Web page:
Recursion Theorem

(Kleene – Recursion Theorem) For any computable function
$f$ there exists an $e$ with $\phi_e = \phi_{f(e)}$.

Proof:

We define a partial recursive function $\theta$ by $\theta(u,x) = \phi_{\phi_u (u)} (x)$ . By s-m-n theorem or parameter theorem, we can find a recursive function $d$ such that

$\forall u: \phi_{d(u)}(x)=\theta(u,x)$ for $\forall x$.

Let $\phi_v = f \circ d$, choose $e=d(v)$ then we have

$\phi_e(x) = \phi_{d(v)}(x) = \theta(v,x) = \phi_{\phi_v (v)} (x) = \phi_{f \circ d(v)}(x) = \phi_{f(e)}(x)$

Using recursion theorem, we have a beautiful proof for Rice’s Theorem.

Let $C$ be a class of partial recursive functions. Set $\left\{e | \phi_e \in C \right\}$ is recursive, if and only if $C = \emptyset$ or $C$ contains all partial recursive functions.

Proof:

$C = \emptyset$ or $C = \mathbb{N}$ is trivial. We proof the case $C \ne \emptyset$ and $C \ne \mathbb{N}$.

Denote  $S = \left\{e | \phi_e \in C \right\}$.

Exist $e_0 \in S$ and $e_1 \in \neg S$. If $S = \left\{e | \phi_e \in C \right\}$ is recursive, the following function is also recursive:

$f(x) = \left\{ {\begin{array}{*{20}c} {e_0 : x \in \neg S} \\ {e_1 : x \in S} \\ \end{array}} \right.$

By recursion theorem, $\exists e': \phi_e' =\phi_{f(e')}$. We consider 2 cases:

1. $e' \in S$, by index property we have $f(e') \in S$, so $e_1 \in S$ by the definition of $f$. We get contradiction.
2. $e' \in \neg S$, by index property $f(e') \in \neg S$, so $e_0 \in \neg S$ by the definition of $f$. Again we arrive to contradiction.

Functionception

Why’s recursion theorem interesting? A typical application of recursion theorem is to find a function that can print itself. Let’s say print(*program*) is that function. The output of print(*program*) is not *program* but the function that excuses print(*program*). In other words, we could ask if there is a function which can be self-conscious. I like to call it function-ception, which can be related to inception: does one know that he is dreaming in his dream?

Kleene recursion theorem offers an answer to our question: there is a function-ception, or a program that can print itself. We’ll construct such that function.

Let $\phi_e = \pi_1^2$, $\pi_i^n$ is the projection function $\pi_i^n(x_1,...,x_n) = x_i$.

By s-m-n theorem, there is total recursive function $s(e,x)$ such that $\phi_{s(e,x)}(y)=\phi_e(x,y)$.  Let $g(x) = s(e,x)$. Apply Kleene recursion theorem, there is a number $n$ such that $\phi_{g(n)} = \phi_n$.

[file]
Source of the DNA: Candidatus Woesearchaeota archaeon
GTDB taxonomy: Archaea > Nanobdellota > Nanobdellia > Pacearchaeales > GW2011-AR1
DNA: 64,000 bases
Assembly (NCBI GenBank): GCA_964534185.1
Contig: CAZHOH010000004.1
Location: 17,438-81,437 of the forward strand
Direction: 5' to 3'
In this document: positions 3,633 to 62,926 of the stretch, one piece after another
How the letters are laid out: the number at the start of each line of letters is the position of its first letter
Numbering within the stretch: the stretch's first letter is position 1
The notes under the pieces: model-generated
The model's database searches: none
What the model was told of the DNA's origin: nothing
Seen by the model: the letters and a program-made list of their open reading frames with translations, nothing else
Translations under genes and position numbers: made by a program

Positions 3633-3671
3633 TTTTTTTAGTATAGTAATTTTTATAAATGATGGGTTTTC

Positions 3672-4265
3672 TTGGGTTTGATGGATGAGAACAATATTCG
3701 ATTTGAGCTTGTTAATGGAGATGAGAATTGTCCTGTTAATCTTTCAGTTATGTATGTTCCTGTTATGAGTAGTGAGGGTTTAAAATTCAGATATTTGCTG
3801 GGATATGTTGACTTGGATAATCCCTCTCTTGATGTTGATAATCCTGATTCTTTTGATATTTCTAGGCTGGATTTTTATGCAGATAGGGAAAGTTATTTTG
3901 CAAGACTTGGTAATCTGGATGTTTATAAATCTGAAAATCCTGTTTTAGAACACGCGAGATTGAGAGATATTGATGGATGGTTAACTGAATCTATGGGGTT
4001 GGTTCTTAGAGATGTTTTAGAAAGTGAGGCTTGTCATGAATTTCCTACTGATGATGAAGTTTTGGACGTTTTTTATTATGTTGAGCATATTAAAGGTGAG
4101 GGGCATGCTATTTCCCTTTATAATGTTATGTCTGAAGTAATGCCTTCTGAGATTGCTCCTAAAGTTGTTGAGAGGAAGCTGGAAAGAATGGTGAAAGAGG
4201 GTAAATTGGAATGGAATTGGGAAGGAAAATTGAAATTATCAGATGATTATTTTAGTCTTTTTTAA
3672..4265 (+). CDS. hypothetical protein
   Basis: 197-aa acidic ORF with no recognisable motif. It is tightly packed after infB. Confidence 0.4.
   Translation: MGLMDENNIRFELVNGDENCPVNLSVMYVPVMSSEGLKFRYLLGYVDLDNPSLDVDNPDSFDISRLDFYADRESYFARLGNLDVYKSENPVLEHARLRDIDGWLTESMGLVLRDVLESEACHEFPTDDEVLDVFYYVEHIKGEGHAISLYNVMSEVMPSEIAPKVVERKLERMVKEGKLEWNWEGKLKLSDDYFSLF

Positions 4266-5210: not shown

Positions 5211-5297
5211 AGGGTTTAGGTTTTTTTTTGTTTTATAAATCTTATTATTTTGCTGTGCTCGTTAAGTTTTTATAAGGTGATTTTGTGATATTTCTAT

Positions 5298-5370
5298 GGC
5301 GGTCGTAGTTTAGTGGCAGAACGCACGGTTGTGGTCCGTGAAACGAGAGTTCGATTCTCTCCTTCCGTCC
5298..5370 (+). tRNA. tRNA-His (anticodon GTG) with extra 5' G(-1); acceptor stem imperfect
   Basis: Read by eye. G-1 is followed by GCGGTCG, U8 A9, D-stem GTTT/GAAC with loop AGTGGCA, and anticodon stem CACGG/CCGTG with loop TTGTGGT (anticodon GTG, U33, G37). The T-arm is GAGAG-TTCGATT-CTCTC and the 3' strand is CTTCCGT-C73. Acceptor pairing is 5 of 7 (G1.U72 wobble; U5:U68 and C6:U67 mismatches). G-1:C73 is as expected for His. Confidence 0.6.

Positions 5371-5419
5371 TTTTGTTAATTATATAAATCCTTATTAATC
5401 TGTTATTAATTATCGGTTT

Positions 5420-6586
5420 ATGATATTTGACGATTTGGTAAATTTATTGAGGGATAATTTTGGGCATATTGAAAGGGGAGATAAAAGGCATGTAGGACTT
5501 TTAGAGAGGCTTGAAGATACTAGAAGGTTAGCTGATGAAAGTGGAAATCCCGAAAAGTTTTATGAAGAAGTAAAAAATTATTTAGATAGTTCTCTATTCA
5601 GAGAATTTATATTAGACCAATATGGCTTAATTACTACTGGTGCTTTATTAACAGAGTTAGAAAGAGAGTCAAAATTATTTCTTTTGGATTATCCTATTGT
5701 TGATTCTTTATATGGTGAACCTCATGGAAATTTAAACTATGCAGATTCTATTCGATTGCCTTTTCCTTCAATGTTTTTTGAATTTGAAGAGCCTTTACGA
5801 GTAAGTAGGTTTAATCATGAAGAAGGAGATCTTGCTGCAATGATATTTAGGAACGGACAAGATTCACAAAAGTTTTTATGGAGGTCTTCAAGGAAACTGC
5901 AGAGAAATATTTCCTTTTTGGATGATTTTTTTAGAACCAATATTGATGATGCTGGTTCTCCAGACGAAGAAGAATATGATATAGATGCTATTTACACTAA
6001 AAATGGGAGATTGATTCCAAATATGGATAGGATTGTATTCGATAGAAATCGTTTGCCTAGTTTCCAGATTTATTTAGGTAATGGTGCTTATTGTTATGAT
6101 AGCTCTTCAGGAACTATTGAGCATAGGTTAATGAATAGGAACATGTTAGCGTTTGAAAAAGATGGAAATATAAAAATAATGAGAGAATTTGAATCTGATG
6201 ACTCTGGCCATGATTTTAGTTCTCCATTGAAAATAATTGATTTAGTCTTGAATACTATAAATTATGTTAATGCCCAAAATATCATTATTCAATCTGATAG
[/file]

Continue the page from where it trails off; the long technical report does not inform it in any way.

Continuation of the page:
For each $x$: $\phi_n(x) = \phi_{g(n)}(x) = \phi_{s(e,n)}(x) = \phi_e(n,x) = \pi_1^2 = n$

My work here is done!

How many fixed points does a recursive function $f$ have?

Intuitively, we can see that a (total) recursive function $f$ has infinite fixed points. Recall the proof for Kleene recursion theorem, when we choose $v: \phi_v = f \circ d$. There is an infinite number of $v$ having that property. Analogically , there is an infinite number of ways to  implement (write code) a function (by adding comments, using different variable names, …)

Now let’s work on some exercises using recursion theorem.

Lemma: There is a number $n \in \mathbb{N}$, such that $W_n = \left\{ n \right\}$

Proof:
We need to find a function $\phi_n$ that is only defined for input $n$ and undefined on the rest of natural numbers $\mathbb{N}-{n}$

I’m doing this in reversing way (how my thought leads me to the solution). By recursion theorem, $\exists n : \phi_n(x) = \phi_{f(n)}(x) = \phi_{s(e,n)}(x) = \phi_e(n,x)$.

Let $g(x,y)$  is the function that it is only defined for $(x,y)$ such that $x=y$. Such an $g(x,y)$ can be constructed as following:

$g(x,y) = \left\lfloor {\frac{1}{{\neg sign\left( {\left| {x - y} \right|} \right)}}} \right\rfloor$

My work here is done. There is an index $e$ such that $\phi_e(x,y) = g(x,y)$, by s-m-n theorem there is a total recursive function $s: \phi_{s(e,x)}(y) = \phi_e(x,y)$. Let $f(x) = s(e,x)$, and the last step is trivial.

Lemma: There is a number $n \in \mathbb{N}$, such that $\phi_n = \lambda x[n]$
Proof:

With the same line of proof for the previous lemma, we only need to construct a partial recursive function $g(x,y) = x \forall y$. One can easily recognize $g(x,y)$ is a projection function $\pi_1^2$